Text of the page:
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The quality of caregiving in early infancy and childhood is one of the most important predictors of child outcome. The caregiving relationship is often compromised when mothers are unable to attend to their infants’ needs due to their own experiences of childhood trauma, maternal stress, mental health difficulties, and other environmental adversities. One particular group who experience many, if not all of these adversities, are mothers with substance misuse problems. The outcomes for their children are consistently poor. These difficulties emerge in early years, when infants and young children live in chaotic environments, and at times, with mothers who are unable to provide sensitive and responsive caregiving. Given the extensive literature documenting the link between early caregiving and child developmental outcome, it is not surprising that there has been a significant research effort investigating the quality of caregiving in substance abusing mothers. This thesis began with a focus on substance misusing mothers as a high-risk group. Research studies examining the quality of caregiving in mothers with substance use problems have had inconsistent findings. There are many studies that find poor quality caregiving in mothers with substance misuse compared to non-substance misusing mothers, while other studies find relatively little difference between groups. However, there is considerable variability across studies. Quality of study design is highly variable with a number of studies drawing comparison groups from community populations that differ from the substance misusing group on a range of demographic factors. The ages of the children range from birth to toddlerhood and a number of studies use mothers in treatment as their reference group. In the light of the diverse findings in the extant literature, the aim of Study 1 was to assess the extent to which mothers with substance misuse have compromised caregiving. To this end a systematic review and meta-analysis of research studies spannng two decades (1995 - 2015; final update prior to publication) was undertaken. The initial search was undertaken from Scopus, MEDLINE, Science Direct, PsycINFO, SpringerLink and Google Scholar and identified 2028 potential studies. Twenty four studies met the following inclusion criteria: mothers with children aged birth to 40 months; mothers currently using illicit substance misusers and/or were on opioid replacement therapy due to a history of opioid dependence and/or were in residential treatment due to a history of illicit substance use; a comparison group of non-substance using mothers; and maternal-child interactions were assessed using an observational method that was videotaped and coded to rate maternal caregiving quality The key outcomes were measures of two constructs (i) maternal sensitivity and (ii) child responsivity. A global meta-analysis for maternal sensitivity (n = 24 studies) and child responsiveness (n = 16 studies) on 3433 mother-infant dyads yielded significant population effect sizes and significant heterogeneity. Using subgroup analyses, heterogeneity was significantly reduced when studies were grouped by design (i.e., participants matched versus not matched on key demographic characteristics). Substance misusing mothers were still significantly poorer on scores of maternal sensitivity compared with their matched counterparts, but the effect size was significantly smaller. These results highlighted that compromised caregiving is found in high-risk mothers, and a common factor impacting maternal caregiving was shared environmental adversity. Thus, Study 2 set out to compare the quality of caregiving in three groups: substance misusing mothers, mothers matched in socioeconomic characteristics and mothers drawn from a community sample. There is extensive evidence linking maternal substance misuse with compromised caregiving of young infants. However, there is also widely documented evidence that other psychosocial risk factors, childhood trauma, maternal psychopathology and environment characterised by financial and social disadvantage are also predictive of poor caregiving. As mothers with substance misuse problems share many of these risk factors, it is possible that compromised caregiving, including the quality of the parent-child relationship, is attributable to these co-occurring factors. Hence, the second aim was to investigate a potential pathway in which factors associated with compromised caregiving could be tested; specifically, if there was a pathway from childhood trauma to caregiving quality that was mediated by environmental risk factors and borderline personality features. A total sample of 51 Australian mothers and their children (12-42 months) participated in this study: 17 mothers currently in treatment for opioid and/or ploy-substance dependence; 17 mothers matched on years of education, source of income, maternal age and child age reporting no current substance misuse; and 17 mothers reporting no substance misuse history matched on maternal age and child age only. Assessment duration was 90-120 minutes and consisted of completion of measures and videotaping of a 20 minutes mother-child interaction. Results showed that (i) there was no significant difference between the two high-risk groups of mothers but (ii) there were significant differences on all key variables between the two high risk mothers and the community sample; and (iii) irrespective of substance misuse, the relationship between exposure to childhood trauma and quality of caregiving was mediated via environmental risk but not severity of borderline personality features. Study 3 extended these findings by further investigating the association between maternal childhood trauma, borderline personality features, environmental risk, quality of caregiving and child developmental outcome in a sample of mother-infant dyads, oversampling for at-risk mothers (N= 125). Method of collecting data was the same as for Study 2. The model tested was a serial mediation model, in which the association between maternal childhood trauma and child developmental outcome was proposed to be influenced by the extent to which mothers experience personality pathology and ongoing exposure of environmental risk, in turn impacts on her capacity to provide optimal caregiving to her child. In this model, two out of seven potential pathways tested in the serial PROCESS mediation analysis were significant. The pathway between childhood adversity and child developmental outcomes via borderline personality, environmental risk and caregiving quality was supported, along with the pathway from childhood adversity to child development outcomes via borderline personality and environmental risk. Overall, the current thesis advances the substance misuse, childhood adversity, trauma and attachment literature in several important ways. Firstly, the thesis presented a comprehensive review and meta-analysis of the available studies examining caregiving quality in mothers using illicit substances (Study 1). This review highlighted the potential for future research to investigate the potential mechanisms that underpin the development of poor caregiving in a population of mothers sampled for high risk including substance misuse, conducted via Study 2. Study 3 extended on findings from Study 2, investigating the potential underlying mechanisms or causal pathways that may be implicated in the development of compromised caregiving and child outcomes. In summary, the thesis findings highlight the importance of identifying and understanding the mechanisms that impact quality caregiving and child outcomes in high-risk families. This in turn, informs how interventions can be designed (e.g., trauma focused care) and underscores the importance of early intervention to counteract the impact of environmental adversity and maternal childhood trauma on quality of caregiving. These findings have important implications for future research, policy design, intervention planning, and clinical practices.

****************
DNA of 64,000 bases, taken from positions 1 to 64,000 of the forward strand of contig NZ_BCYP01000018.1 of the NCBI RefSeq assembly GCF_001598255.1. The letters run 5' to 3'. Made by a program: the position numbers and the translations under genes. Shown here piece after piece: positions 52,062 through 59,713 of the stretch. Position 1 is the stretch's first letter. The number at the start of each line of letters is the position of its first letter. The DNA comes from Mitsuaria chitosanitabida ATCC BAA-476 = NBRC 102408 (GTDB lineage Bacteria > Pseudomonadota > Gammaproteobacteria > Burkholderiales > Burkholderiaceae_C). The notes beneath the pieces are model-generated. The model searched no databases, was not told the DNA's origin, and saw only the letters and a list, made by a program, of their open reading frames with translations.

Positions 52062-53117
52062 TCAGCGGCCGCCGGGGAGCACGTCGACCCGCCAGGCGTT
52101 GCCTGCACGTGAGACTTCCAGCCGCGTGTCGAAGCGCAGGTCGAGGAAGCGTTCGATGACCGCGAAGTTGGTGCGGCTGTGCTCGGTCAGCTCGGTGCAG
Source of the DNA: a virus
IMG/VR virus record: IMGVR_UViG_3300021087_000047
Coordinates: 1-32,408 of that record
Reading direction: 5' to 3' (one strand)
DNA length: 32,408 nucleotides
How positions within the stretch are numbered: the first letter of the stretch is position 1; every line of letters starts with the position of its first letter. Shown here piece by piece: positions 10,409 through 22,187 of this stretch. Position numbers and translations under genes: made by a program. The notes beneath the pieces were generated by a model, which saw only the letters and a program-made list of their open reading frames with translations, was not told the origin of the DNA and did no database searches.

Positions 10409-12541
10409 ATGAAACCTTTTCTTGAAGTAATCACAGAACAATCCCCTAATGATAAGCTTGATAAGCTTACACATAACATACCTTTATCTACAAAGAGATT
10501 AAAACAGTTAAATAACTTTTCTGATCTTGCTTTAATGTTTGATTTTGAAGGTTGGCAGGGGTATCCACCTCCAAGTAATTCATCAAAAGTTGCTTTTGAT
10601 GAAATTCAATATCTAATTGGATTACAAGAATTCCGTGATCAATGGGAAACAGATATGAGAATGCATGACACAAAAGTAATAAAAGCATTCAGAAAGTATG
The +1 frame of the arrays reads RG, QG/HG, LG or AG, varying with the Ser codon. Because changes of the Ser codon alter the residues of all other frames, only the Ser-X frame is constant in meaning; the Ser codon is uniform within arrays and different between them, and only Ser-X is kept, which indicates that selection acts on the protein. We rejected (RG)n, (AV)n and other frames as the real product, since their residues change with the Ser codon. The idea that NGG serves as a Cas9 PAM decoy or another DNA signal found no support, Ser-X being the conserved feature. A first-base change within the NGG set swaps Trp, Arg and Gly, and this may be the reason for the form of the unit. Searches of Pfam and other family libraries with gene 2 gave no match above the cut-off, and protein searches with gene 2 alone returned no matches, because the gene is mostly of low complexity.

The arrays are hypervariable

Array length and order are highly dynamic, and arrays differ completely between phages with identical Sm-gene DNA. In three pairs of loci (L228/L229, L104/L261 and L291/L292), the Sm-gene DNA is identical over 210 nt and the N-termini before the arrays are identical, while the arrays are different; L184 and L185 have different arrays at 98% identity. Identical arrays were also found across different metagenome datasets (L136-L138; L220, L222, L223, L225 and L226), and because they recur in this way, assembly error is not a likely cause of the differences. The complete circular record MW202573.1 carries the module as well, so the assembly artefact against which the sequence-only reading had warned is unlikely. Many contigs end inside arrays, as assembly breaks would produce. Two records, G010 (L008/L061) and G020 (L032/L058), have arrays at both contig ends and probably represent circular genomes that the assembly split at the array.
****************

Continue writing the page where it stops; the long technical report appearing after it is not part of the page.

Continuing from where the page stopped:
Thesis (PhD Doctorate)
Doctor of Philosophy in Clinical Psychology (PhD ClinPsych)